Homebase is moving onto a new page in its 39-year history after this morning’s news that its UK and Ireland business has been bought for a reported £1 from Australian group Wesfarmers by its management, in partnership with retail turnaround specialist Hilco.
Wesfarmers bought Homebase for £340m from the-then Argos owner the Home Retail Group, in 2016 and had been pursuing a strategy of rebranding the DIY specialist, a Top50 retailer in IRUK Top500 research, as Bunnings - the brand under which it trades in its Australian home market. Today it emerged that the 24 pilot Bunning stores will now revert to Homebase branding after the sale. As well as the new brand, the new owners have also taken over its network of around 250 stores, owned and leased property and inventory.
Homebase, said its new owners in a statement today, had been “disappointing for Wesfarmers, with problems arising from poor execution post-acquisition.” While its operating performance has improved in recent months, Wesfarmers had taken the decision, following a comprehensive review of the business, to leave the UK market.
Damian McGloughlin heads the new management team as chief executive of Homebase, after joining Wesfarmers and Bunnings in 2017 from B&Q. Today he said: “We are very pleased to have reached an agreement with Hilco and this marks an exciting new chapter for Homebase. With Hilco’s support we have the commitment of an experienced partner, substantial additional capital, stability for the business and the opportunity to reinvigorate a brand that has been a mainstay of UK retail for over 40 years.
“I would like to thank our team members for their commitment during what has been a testing time for the business. The momentum we have seen in the business over recent peak trading periods and their dedicated support to our customers gives us a strong platform on which to build.”
Representatives of the new team today said it was too early to consider what plans the business might have in future.
Commenting, Patrick O’Brien, UK retail research director at data and analytics company Global Data said the decision to sell Homebase for £1 had been the first sensible decision Wesfarmers had made in its ownership of Homebase.
"In the years prior to Wesfarmers’ acquisition, Homebase had been trying, correctly in our opinion, to differentiate itself by introducing more homewares lines and making the stores more appealing to female shoppers," said O’Brien. "Wesfarmers undid all this progress in weeks, turning the stores into bargain bin-littered dumps, with hand-written signs. Its plan was to focus on DIY, and ensure high range availability, service and the lowest prices, but it alienated the customers Homebase had worked so hard to attract, and they voted with their feet.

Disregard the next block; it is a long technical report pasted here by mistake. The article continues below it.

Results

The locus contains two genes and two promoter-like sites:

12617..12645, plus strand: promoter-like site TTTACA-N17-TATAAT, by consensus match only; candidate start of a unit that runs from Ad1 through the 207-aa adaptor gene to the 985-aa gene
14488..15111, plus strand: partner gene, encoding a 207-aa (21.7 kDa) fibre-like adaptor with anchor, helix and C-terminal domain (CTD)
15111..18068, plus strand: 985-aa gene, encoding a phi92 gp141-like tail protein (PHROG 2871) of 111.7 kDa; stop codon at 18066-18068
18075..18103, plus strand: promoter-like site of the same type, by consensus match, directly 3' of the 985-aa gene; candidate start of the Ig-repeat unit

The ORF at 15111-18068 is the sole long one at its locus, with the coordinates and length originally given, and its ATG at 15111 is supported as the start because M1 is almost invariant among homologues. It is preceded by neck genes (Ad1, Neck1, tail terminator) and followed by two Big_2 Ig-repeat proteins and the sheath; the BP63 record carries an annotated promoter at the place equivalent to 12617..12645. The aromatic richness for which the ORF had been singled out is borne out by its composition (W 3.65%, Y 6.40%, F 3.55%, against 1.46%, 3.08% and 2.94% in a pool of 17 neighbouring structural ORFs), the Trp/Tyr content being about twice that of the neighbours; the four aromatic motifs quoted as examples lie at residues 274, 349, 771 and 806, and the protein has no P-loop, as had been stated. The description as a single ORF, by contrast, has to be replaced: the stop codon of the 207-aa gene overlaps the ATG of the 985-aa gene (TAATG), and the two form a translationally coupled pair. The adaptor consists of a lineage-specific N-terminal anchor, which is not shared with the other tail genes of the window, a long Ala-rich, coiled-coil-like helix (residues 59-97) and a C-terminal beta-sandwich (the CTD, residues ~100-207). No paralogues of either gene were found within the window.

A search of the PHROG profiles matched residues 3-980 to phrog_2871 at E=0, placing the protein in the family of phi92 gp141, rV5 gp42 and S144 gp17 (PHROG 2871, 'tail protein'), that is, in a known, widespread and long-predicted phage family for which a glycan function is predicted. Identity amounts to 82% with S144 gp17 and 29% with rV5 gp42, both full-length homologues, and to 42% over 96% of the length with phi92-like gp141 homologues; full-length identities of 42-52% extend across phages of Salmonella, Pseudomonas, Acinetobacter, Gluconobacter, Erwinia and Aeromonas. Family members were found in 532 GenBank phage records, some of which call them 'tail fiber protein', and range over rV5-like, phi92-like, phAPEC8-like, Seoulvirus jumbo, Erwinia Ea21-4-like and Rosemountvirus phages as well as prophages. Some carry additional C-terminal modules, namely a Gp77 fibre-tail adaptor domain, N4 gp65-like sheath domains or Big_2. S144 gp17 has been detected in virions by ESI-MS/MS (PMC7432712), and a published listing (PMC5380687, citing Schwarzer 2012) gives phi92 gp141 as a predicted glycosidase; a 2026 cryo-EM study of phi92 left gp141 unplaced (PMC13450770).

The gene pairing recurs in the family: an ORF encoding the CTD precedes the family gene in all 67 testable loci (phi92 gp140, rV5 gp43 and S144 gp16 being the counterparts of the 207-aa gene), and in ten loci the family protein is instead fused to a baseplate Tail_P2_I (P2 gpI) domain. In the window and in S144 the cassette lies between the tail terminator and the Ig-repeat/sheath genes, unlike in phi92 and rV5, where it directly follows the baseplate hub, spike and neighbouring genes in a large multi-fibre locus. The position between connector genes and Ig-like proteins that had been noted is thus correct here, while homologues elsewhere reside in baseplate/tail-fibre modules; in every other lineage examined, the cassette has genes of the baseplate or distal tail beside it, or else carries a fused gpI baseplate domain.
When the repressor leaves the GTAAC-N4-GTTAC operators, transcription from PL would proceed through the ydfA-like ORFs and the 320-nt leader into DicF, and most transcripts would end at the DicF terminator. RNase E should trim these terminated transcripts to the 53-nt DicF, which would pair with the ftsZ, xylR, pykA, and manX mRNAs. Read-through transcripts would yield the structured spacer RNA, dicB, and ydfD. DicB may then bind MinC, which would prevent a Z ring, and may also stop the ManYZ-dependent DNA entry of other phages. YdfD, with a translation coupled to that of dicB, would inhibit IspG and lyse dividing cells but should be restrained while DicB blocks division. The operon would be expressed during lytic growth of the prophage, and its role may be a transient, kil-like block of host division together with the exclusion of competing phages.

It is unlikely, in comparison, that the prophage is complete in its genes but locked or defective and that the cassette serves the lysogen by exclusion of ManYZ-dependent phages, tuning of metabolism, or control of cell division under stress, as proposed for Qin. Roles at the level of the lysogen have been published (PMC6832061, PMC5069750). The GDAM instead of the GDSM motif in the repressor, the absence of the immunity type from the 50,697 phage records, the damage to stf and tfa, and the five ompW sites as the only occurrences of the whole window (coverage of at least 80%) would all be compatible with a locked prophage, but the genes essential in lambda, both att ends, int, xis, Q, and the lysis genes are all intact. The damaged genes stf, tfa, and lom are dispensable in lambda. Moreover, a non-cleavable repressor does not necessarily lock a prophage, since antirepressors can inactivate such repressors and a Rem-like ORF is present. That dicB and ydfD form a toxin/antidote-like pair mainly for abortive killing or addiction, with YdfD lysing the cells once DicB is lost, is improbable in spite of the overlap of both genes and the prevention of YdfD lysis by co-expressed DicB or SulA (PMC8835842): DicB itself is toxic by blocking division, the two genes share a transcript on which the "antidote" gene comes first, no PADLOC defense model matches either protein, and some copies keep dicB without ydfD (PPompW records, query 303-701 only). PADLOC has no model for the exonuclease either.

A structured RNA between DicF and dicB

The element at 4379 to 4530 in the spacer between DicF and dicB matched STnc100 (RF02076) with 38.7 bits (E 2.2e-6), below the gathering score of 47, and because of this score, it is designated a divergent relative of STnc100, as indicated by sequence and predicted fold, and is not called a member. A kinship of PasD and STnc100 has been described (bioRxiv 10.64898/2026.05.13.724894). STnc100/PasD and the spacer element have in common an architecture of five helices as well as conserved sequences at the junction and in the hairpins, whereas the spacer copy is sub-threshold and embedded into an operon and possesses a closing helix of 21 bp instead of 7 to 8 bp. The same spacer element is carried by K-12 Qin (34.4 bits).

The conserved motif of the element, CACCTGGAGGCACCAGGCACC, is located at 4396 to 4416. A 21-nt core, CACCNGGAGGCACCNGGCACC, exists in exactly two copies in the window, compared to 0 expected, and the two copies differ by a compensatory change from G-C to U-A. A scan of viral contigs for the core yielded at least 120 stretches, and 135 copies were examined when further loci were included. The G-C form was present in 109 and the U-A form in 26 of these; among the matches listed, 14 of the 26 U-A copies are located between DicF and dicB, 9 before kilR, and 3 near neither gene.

"It reversed planned store closures, such was its confidence, and started piloting Bunnings-branded stores, which to start with at least, showed a complete misunderstanding of not only the UK customer, but of the UK itself. The product mix was such that Wesfarmers must have thought that British people spent most of their time outdoors in enormous gardens cooking on large barbeques. The Wesfarmers board seemed unaware of the UK climate, customer behaviour and living environment, something they would have had a better handle on if someone there had even bothered to watch an episode of Coronation Street.
"New owners Hilco have a lot of work to do, starting with a reversal of the branding of the 24 Bunnings stores back to Homebase stores. We will watch its moves with interest – it may attempt to reposition the brand back with homewares and invest in more comfortable, shoppable stores, to woo back former Homebase shoppers, but this will be costly to implement.
"Hilco’s history with distressed retailers has led to accusations of asset stripping, but one of its most recent retail acquisitions, that of music and video retailer HMV, gives some cause for optimism. It took 141 HMV stores out of administration in 2013, and still has a portfolio of over 130 stores in the UK. This is despite the fact it operates in a continually declining market, and is regarded as driving hard bargains with landlords. Hilco will need to utilise all its negotiating powers with landlords to ensure the survival of Homebase."
Image courtesy of Homebase